Lancer Letter – Inventionland

Submitted by Richard Scaletta, GM School District

In an article by Steve Denning in the October 29, 2014 edition of Forbes Magazine, he looked at work by Wiens and Jackson of the Kauffman Foundation on the creation of jobs in the United States. They stated, “In fact, between 1983 and 2011, companies more than five years old destroyed more jobs than they created in all but eight of those years.” They went on to report that “New businesses account for nearly all net new job creation and almost 20 percent of gross job creation, whereas small business do not have a significant impact on job growth when age is accounted for.” They add clarity to their report by saying, “New and young companies are the primary source of job creation in the American economy.”

If this is true and if the goal of public education is, in part, to contribute to the nation’s economy by creating the right kind of workers, why then does the public school system not systematically encourage creative thought in the context of business, multi-disciplinary problem solving, and entrepreneurial qualities all in the context of collaboration?

Starting in 2017-2018, General McLane will begin a two year project to systematically plant seeds in our students and give them the tools to become inventors and entrepreneurs. We are currently seeking funding to fully develop this project but are stepping out this year with an exciting program called “Inventionland.”

To really appreciate Inventionland, you have to go there which we have done with different teams on 5 occasions last year. It has been in existence for 25 years in Pittsburgh. Started by founder, George Davison, this company will take an idea for a product and carry it through to marketing and distribution. Davison developed a nine step process to do this and that process has been turned into a curriculum.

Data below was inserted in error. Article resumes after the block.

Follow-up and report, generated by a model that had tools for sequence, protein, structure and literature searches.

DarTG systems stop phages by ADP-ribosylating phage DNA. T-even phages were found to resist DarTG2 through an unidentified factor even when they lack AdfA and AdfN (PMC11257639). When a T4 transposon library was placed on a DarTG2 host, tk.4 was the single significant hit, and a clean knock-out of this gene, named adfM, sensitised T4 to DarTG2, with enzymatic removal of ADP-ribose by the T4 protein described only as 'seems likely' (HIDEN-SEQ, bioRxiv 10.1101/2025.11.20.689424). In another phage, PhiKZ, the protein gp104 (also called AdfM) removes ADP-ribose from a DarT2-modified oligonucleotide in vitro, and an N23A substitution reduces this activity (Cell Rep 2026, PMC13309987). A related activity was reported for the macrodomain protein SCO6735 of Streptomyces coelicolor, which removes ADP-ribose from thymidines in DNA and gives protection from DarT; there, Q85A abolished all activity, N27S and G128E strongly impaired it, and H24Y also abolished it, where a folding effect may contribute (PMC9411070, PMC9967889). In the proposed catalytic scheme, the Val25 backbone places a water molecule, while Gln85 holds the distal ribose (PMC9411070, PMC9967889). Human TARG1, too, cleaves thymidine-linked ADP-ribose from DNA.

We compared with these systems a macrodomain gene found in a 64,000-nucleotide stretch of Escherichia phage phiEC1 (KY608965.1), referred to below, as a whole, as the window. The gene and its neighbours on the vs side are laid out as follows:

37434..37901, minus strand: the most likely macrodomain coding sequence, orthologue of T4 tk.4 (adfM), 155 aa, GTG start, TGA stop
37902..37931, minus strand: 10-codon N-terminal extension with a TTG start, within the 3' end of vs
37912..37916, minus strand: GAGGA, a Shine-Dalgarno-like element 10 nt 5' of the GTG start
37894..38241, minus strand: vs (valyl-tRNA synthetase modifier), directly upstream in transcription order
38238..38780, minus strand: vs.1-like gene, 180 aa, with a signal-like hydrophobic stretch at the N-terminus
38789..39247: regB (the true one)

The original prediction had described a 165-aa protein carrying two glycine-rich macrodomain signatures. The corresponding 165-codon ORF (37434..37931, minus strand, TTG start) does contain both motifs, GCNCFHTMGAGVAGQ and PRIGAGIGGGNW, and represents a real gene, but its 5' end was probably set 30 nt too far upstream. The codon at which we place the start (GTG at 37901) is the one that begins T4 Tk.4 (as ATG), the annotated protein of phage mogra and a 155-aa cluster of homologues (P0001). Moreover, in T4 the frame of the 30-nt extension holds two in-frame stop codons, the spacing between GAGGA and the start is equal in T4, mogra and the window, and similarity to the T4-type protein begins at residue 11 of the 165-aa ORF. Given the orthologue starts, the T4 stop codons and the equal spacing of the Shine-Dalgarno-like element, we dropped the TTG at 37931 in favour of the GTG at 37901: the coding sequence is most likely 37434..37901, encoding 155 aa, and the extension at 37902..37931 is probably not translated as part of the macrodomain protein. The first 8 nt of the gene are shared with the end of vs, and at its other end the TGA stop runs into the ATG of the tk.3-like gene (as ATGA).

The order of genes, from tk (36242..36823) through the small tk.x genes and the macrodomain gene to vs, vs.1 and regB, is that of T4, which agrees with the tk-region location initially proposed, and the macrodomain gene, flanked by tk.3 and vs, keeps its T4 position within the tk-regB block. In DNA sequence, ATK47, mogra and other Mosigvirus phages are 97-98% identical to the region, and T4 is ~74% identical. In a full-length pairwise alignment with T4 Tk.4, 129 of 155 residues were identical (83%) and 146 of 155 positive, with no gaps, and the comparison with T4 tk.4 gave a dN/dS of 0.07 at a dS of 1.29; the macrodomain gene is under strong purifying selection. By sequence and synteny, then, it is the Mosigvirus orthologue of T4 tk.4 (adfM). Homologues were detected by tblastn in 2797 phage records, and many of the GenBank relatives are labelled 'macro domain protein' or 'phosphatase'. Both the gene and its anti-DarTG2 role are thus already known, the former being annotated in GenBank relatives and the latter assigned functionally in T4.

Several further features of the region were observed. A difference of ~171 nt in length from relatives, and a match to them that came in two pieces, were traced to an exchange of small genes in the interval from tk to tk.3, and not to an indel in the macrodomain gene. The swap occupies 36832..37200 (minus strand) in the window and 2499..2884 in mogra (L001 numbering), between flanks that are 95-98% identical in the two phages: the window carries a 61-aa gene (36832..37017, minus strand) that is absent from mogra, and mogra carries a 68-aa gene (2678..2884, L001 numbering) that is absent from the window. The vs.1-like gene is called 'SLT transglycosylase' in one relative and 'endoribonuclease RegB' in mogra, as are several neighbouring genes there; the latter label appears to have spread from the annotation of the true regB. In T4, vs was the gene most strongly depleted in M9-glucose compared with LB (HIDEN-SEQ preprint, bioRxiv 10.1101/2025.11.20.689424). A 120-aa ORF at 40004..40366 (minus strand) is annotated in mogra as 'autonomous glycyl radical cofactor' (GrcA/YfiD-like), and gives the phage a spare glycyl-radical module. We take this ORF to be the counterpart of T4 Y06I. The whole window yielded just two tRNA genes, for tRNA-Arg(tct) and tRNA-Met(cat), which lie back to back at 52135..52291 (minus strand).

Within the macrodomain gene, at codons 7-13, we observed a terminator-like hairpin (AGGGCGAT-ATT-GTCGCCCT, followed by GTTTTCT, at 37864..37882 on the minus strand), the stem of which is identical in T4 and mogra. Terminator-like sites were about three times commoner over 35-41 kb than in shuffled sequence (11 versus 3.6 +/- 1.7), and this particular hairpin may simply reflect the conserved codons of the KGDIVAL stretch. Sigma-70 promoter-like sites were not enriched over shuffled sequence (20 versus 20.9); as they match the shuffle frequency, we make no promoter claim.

Inventionland is in a very large industrial sized building. Inside this large building is a pirate ship, a cave, a tree house and several other unique structures. At the center is a castle with a “Knights of the Round Table” meeting room. These are the places the adults work. It is Davison’s way of sparking creativity among his employees.

At Inventionland, they will take ideas from companies or individuals, vet them and if they like them, will take them from design to production. If you have an idea for a product like, for example, something you would see on an infomercial, you can go to their website and pitch it. If they like it, they’ll invite you to Pittsburgh to give the full pitch. Go to Youtube and search for Inventionland and you’ll find a number of videos.

We are very excited to make this curriculum available to our seventh graders through our Technology Education department. We hope to expand it to our high school in 18-19. For this year, seventh graders will have the opportunity to walk through the 9 step invention process, developing an idea that has come from their minds. This will be only the second year this curriculum has been used anywhere as we will join about 35 schools in the Pittsburgh area using the curriculum. At the end of the class, each group of students in the class will have the opportunity to pitch their idea to a team from Inventionland.

I believe that having public education involved in the efforts to improve the economy of the Erie region is critical. According to the Innovation Collaborative website, “Entrepreneurship is key to job growth and wealth creation.” A principal of economic growth noted in the Destination Erie plan states: “Foster new economic dynamism by promoting a culture of innovation that supports existing fast-growing firms and new business formation.” By promoting innovation, inventions and collaboration among students in the K-12 arena, these principles will be served.

The recent creation of the Erie downtown innovation district is strong evidence of the need for the programming in schools like Inventionland. The Erie Refocus plan states, “Entrepreneurs will not choose to locate in the region or stay in the region in sufficient numbers if Erie cannot compete with peer cities on the grounds of livability and lifestyle.” As Erie begins to create greater livability and lifestyle, we can give the tools of entrepreneurship and innovation to those already living here, empowering them to be creative in the community in which they have been raised.
Inventionland is one prong of a three-prong approach to promoting creativity, innovation and collaboration among our students. Stay tuned for more to come . . .

The Lancer Letter is a weekly editorial by Richard Scaletta, Superintendent of Schools, General McLane School District. Opinions expressed are Mr. Scaletta’s views on the issues and subjects of discussion, and not necessarily those of or our sponsors.

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